Obama is taking into consideration the potential length of an additional American commitment, the effectiveness of Afghan President Hamid Karzai and the preparedness of Afghanistan's security forces, according to officials familiar with the review. He is also considering the uncertain support of neighboring Pakistan, and his own conclusions about what is realistically achievable against a rising indigenous insurgency.

A senior administration official involved in the review, who like others spoke on condition of anonymity to discuss the internal deliberations, said "the troop level is only a way of measuring each of these equities against each other."

"Do we have any assurances of what Pakistan will do?" asked the official, who is identified with the group of Obama advisers skeptical of the merits of a large additional troop deployment. "At least in Iraq, you had some functioning government there at the time of the surge. In Afghanistan, there is no government there."

Obama and his senior advisers are also considering the cost of an additional years-long troop deployment, which would require an expensive new base construction program in Afghanistan to accommodate extra personnel.

Administration officials say it costs approximately $1 billion a year to support 1,000 U.S. troops in Afghanistan, a country whose gross domestic product is roughly $900 million. The recently passed defense-spending bill already includes $120 billion for U.S. military operations in Iraq and Afghanistan for the coming fiscal year, but any additional resources would have to be approved by Democratic congressional leaders who generally favor few, if any, additional combat troops.

"Everybody's sensitive to costs, for obvious reasons, because we don't have unlimited resources," said a second senior administration official briefed frequently on the internal deliberations. "But the idea is to get the strategy right, determine what's achievable, then select the resources needed. That will drive the cost decisions."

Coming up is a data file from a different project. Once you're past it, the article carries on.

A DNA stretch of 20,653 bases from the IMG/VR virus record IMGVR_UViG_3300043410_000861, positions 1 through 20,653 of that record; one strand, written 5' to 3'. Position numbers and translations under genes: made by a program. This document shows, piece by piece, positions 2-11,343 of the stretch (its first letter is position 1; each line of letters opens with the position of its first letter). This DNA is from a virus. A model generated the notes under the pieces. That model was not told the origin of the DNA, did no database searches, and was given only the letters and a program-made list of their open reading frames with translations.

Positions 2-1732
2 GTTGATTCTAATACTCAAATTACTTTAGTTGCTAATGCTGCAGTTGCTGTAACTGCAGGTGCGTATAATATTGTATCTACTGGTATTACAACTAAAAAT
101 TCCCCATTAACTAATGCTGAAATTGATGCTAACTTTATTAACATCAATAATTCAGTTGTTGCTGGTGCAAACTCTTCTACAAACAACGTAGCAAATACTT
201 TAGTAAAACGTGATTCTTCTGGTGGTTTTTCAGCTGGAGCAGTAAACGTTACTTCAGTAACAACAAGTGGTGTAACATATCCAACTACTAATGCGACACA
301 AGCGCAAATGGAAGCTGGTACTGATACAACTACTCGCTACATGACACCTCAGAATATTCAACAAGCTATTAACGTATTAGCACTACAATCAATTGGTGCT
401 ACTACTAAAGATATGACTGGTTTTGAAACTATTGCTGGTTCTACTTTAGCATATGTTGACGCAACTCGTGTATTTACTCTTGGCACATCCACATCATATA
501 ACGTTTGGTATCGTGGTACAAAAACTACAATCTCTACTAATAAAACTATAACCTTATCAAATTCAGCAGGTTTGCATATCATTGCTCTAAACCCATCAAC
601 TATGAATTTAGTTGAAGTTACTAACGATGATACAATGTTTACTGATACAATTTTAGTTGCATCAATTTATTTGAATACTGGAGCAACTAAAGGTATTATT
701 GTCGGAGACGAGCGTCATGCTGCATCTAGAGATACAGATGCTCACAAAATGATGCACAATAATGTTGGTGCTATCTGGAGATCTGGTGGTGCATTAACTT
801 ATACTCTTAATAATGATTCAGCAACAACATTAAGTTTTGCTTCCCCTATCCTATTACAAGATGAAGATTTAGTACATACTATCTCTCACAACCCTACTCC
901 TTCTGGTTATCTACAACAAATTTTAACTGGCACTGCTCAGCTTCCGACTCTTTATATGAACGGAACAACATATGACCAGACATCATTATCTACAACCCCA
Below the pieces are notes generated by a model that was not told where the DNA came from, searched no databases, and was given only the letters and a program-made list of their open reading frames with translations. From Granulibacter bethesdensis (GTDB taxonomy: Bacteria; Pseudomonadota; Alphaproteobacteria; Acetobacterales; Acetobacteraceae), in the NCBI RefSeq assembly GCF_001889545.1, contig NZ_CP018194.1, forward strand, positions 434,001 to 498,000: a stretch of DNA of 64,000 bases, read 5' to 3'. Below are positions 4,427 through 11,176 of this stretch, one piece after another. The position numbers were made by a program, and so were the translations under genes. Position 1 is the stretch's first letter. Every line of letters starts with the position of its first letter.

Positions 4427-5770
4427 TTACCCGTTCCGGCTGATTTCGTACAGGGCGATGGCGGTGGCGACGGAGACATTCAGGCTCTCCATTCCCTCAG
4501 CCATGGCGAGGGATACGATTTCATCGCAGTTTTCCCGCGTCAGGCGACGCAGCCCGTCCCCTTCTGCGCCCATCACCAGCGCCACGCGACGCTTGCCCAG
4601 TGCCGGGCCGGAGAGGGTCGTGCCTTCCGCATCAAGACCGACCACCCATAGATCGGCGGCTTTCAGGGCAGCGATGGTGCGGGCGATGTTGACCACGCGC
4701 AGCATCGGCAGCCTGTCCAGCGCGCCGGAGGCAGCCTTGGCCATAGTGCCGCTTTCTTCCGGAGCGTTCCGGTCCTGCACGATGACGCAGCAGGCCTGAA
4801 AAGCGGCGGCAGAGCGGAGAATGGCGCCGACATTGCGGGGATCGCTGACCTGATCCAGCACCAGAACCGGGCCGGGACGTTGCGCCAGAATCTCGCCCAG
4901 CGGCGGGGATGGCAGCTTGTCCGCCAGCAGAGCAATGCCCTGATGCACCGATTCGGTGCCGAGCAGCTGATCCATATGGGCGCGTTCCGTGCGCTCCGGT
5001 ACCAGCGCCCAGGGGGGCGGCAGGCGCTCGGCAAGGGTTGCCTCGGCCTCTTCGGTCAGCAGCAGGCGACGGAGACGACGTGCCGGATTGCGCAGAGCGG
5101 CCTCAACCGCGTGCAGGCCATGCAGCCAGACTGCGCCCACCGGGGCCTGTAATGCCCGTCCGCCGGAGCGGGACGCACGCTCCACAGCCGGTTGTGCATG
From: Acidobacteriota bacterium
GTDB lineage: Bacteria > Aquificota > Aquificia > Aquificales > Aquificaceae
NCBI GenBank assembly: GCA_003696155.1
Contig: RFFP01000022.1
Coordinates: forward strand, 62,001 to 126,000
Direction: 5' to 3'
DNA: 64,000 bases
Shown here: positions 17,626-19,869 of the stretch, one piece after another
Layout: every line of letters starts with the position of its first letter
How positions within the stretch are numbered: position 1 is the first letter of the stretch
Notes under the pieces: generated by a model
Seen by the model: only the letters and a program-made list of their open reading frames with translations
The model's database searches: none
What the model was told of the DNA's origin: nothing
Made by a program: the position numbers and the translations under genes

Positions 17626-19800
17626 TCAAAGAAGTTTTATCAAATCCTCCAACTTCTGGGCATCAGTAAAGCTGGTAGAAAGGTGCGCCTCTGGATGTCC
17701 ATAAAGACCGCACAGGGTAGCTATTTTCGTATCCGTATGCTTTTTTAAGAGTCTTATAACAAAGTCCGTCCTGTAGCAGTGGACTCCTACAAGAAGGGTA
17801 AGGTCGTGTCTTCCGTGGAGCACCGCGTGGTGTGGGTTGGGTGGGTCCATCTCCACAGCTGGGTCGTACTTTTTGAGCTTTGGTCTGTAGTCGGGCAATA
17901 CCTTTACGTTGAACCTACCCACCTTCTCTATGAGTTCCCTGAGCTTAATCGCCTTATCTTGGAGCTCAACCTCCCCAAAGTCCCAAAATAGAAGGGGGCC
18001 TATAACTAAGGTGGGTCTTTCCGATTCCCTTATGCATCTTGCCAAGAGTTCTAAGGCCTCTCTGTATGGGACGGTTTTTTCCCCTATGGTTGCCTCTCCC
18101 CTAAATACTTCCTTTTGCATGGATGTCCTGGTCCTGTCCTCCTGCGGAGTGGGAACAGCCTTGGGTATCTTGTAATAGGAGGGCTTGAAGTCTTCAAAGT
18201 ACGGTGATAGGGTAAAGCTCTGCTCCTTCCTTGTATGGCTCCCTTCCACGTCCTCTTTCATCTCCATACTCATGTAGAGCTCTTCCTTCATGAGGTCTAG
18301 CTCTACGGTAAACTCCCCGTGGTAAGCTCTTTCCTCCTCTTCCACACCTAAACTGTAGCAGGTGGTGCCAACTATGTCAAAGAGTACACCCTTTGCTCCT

Obama asked for the troop options last month in a meeting with the Joint Chiefs of Staff, and White House Press Secretary Robert Gibbs told reporters Tuesday that he would receive four proposals.

The most modest option calls for an additional deployment of 10,000 to 15,000 troops. While under consideration at the White House, the proposal holds little merit for military planners because, after building bases to accommodate 10,000 or so additional soldiers and Marines, the marginal cost of adding troops beyond that figure would rise only slightly.

The most ambitious option Obama is set to receive Wednesday calls for 40,000 additional U.S. troops and mirrors the counterinsurgency strategy outlined by Gen. Stanley A. McChrystal, commander of U.S. and international forces in Afghanistan, in his stark assessment of the war filed at the end of August.

Military planners put the additional annual cost of McChrystal's recommendation at $33 billion, although White House officials say the number is probably closer to $50 billion.

McChrystal called for significantly more U.S. troops to protect Afghan civilians in the country's 10 to 12 largest urban areas, and to take the fight to the Taliban quickly to turn back recent insurgency gains within the next 18 months. Under the best of circumstances, military planners and White House officials say, a deployment of that size would not be completed until 2011.